|Sponsor||Rep. Matsui, Doris O.|
|Date||November 17, 2009 (111th Congress, 1st Session)|
|Staff Contact||Andy Koenig|
The House is scheduled to consider H.R. 3360, on Tuesday, November 17, 2009, under suspension of the rules requiring a two-thirds majority vote for passage. H.R. 3360 was introduced on July 28, 2009, by Rep. Doris Matsui (D-CA) and referred to the Transportation and Infrastructure Committee, which held a mark up and reported the bill by voice vote on July 30, 2009.
H.R. 3360 adds a number of new regulations and requirements for cruise vessels. Among other things, the bill requires that cruise vessels have rails located not less than 42 inches above the cabin deck, have technology to detect when a passenger has fallen overboard, video surveillance, and time sensitive key technologies. The bill also includes increased reporting requirements for incidents of crime on cruise vessels. The legislation provides civil penalties for the violations of this section and allows the Secretary to deny entry into the U.S. to a vessel if the owner commits an act for which a penalty may be imposed. The requirements would apply to any cruise ship that carries at least 250 passengers and must be met 18 months after the bill's enactment.
The bill requires that each passenger room and crew cabin be equipped with entry doors that include peep holes, security latches, and time-sensitive key technology. The bill also requires cruise vessel owners to maintain video surveillance systems and make the recordings available if they are requested during the investigation of a crime. Owners would also be required to ensure that each room contained safety information and the location of the U.S. embassy and consulate in each country the vessel visits.
H.R. 3360 requires all cruise vessels to maintain a supply of onboard anti-retroviral medications to prevent sexually transmitted disease after sexual assault, have equipment for performing a medical examination in the case of a sexual assault, and have at least one medical staff worker certified in emergency medicine, family practice medicine, or internal medicine on the vessel at all times. In the case of sexual assault, the owner would have to provide free access to private communications and the contact information of the applicable law enforcement agency.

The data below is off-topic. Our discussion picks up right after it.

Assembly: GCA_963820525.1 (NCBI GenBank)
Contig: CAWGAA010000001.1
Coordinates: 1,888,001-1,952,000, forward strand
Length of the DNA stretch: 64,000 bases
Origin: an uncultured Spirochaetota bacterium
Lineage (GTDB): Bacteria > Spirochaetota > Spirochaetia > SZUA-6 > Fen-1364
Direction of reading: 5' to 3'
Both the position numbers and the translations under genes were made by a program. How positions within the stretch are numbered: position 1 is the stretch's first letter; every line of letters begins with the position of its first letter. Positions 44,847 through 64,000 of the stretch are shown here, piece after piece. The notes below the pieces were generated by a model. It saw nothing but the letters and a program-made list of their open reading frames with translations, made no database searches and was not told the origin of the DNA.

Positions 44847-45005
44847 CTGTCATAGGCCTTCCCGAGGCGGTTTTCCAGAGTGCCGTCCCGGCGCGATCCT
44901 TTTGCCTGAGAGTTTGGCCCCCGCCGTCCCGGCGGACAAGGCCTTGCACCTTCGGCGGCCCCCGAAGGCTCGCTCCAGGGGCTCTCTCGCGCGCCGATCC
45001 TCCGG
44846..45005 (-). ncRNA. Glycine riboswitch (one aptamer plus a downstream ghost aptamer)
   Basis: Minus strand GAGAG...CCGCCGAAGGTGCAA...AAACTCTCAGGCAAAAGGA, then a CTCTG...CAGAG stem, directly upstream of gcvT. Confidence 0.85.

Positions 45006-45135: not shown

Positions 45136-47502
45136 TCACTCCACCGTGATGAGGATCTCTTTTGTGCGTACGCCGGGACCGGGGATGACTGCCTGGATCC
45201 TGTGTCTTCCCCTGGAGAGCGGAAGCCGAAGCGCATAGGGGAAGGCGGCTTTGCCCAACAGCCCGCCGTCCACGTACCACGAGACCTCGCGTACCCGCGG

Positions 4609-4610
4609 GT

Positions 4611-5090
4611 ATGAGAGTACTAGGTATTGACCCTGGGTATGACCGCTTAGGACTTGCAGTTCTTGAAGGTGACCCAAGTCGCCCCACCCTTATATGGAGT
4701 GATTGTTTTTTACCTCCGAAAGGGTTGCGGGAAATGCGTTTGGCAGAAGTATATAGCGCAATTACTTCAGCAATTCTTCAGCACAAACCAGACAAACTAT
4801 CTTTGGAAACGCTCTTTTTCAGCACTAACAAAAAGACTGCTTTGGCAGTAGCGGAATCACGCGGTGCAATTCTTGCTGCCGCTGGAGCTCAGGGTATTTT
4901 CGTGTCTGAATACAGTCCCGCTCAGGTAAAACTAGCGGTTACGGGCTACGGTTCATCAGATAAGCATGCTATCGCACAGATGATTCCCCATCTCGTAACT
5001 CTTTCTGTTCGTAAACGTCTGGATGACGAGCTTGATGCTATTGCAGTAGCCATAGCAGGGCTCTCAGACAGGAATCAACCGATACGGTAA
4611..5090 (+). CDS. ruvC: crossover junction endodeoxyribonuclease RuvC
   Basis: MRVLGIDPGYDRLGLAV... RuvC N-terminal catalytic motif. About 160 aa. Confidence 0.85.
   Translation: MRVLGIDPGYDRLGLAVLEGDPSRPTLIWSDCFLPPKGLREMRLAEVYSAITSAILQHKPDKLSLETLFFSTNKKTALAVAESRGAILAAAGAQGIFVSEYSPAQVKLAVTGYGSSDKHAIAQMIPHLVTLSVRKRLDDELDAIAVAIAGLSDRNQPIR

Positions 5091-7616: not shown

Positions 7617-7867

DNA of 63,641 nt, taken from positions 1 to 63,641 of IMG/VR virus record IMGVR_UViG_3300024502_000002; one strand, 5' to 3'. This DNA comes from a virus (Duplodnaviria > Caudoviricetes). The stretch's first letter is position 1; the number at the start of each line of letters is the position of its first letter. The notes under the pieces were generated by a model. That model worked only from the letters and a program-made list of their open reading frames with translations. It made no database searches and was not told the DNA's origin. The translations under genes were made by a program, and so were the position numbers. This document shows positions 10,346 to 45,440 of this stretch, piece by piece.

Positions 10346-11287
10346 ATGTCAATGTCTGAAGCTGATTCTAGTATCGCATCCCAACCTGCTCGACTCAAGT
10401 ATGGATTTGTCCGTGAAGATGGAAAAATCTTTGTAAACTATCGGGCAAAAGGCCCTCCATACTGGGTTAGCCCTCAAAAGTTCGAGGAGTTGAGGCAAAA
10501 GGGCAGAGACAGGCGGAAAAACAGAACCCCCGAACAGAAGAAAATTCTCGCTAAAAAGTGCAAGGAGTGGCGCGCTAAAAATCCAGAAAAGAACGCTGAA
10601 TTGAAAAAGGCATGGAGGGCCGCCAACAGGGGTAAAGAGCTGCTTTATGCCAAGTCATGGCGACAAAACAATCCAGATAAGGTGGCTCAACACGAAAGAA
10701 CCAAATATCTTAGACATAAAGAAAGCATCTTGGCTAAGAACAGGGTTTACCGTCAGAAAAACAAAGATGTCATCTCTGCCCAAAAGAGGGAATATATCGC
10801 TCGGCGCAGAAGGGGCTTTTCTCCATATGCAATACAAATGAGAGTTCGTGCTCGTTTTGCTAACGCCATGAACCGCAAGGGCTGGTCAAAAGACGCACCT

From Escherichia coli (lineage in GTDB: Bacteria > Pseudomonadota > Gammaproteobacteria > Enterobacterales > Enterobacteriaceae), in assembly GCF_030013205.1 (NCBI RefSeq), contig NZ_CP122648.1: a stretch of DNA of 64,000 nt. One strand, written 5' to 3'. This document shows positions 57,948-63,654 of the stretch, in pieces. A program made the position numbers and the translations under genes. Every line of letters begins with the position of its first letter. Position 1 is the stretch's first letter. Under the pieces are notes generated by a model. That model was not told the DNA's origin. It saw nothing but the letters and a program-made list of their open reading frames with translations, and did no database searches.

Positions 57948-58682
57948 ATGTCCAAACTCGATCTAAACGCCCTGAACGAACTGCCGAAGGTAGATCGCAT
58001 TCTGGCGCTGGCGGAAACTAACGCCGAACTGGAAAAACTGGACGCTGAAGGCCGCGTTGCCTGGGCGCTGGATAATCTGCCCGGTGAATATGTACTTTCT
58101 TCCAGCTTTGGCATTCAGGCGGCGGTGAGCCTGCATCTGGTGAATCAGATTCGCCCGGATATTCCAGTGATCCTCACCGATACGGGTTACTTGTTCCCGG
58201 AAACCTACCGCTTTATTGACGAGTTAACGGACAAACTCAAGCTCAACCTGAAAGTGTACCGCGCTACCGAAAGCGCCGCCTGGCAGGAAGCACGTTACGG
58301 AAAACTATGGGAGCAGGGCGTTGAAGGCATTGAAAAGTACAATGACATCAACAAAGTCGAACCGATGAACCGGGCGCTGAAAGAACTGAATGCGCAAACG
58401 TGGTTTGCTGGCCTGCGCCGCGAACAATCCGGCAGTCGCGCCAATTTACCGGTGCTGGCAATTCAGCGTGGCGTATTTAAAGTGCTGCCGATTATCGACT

In addition, the legislation would require cruise vessel owners to establish procedures regarding which crew members have access to passenger staterooms and record all reports of crime in a log book. The bill also requires the Secretary of Transportation to maintain a compilation of all the incidents on an Internet site that provides an account of all alleged crimes recorded. Any cruise line taking on or discharging passengers in the U.S. would include a link on its Web site to the Transportation Department.
The owner would also be required to contact the nearest Federal Bureau of Investigation Field Office as soon as possible after the occurrence of a homicide, suspicious death, missing person, kidnapping, assault with serious bodily injury, tampering with the ship, or theft in excess of $10,000.
The legislation would provide for a civil penalty of up to $25,000 per day for any person who violates the regulations in the bill and a maximum penalty of $50,000 for continuing violations. Any person that willfully violates a regulation would be subject to a criminal penalty of not more than $250,000 or imprisoned not more than 1 year, or both.
Finally, the bill requires the Secretary, in consultation with the FBI, to develop training standards to allow for the certification of cruise security personnel, crew members, and law enforcement officials on the appropriate methods for prevention, detection, evidence preservation, and reporting of criminal activities in the international maritime environment. Cruise lines would be required to have at least one crewmember trained in crime scene investigation onboard while the vessel is in service.
According to findings listed in the bill, there are roughly 200 overnight cruise-ships operating worldwide and carrying 2,000 passengers on average. Sexual violence, the disappearance of passengers, theft, and other serious crimes have all been recorded during luxury cruises. The findings go on to say that, "it can be difficult for professional crime investigators to immediately secure an alleged crime scene on a cruise vessel, recover evidence of an onboard offense, and identify or interview potential witnesses to the alleged crime."
According to CBO, 125 to 150 cruise ships would be required to comply with the standards contained in the bill, which would impose a private sector mandate on those cruise lines. However, CBO also states that most of the cruise lines already comply with the majority of the restrictions and that the mandate would be less than $139 million in 2009, which is the threshold established by the Unfunded mandate Reform Act (UMRA).
H.R. 3619, the Coast Guard Authorization Act of 2010, contained similar provisions to the underlying bill. That legislation passed the House on October 23, 2009, by a vote of 385-11.
According to CBO, H.R. 3360 would cost about $5 million over five-years. In addition, the legislation would generate new revenues from new civil and criminal penalties. However, CBO estimates that the revenue generated by the legislation would be less than $500,000 annually.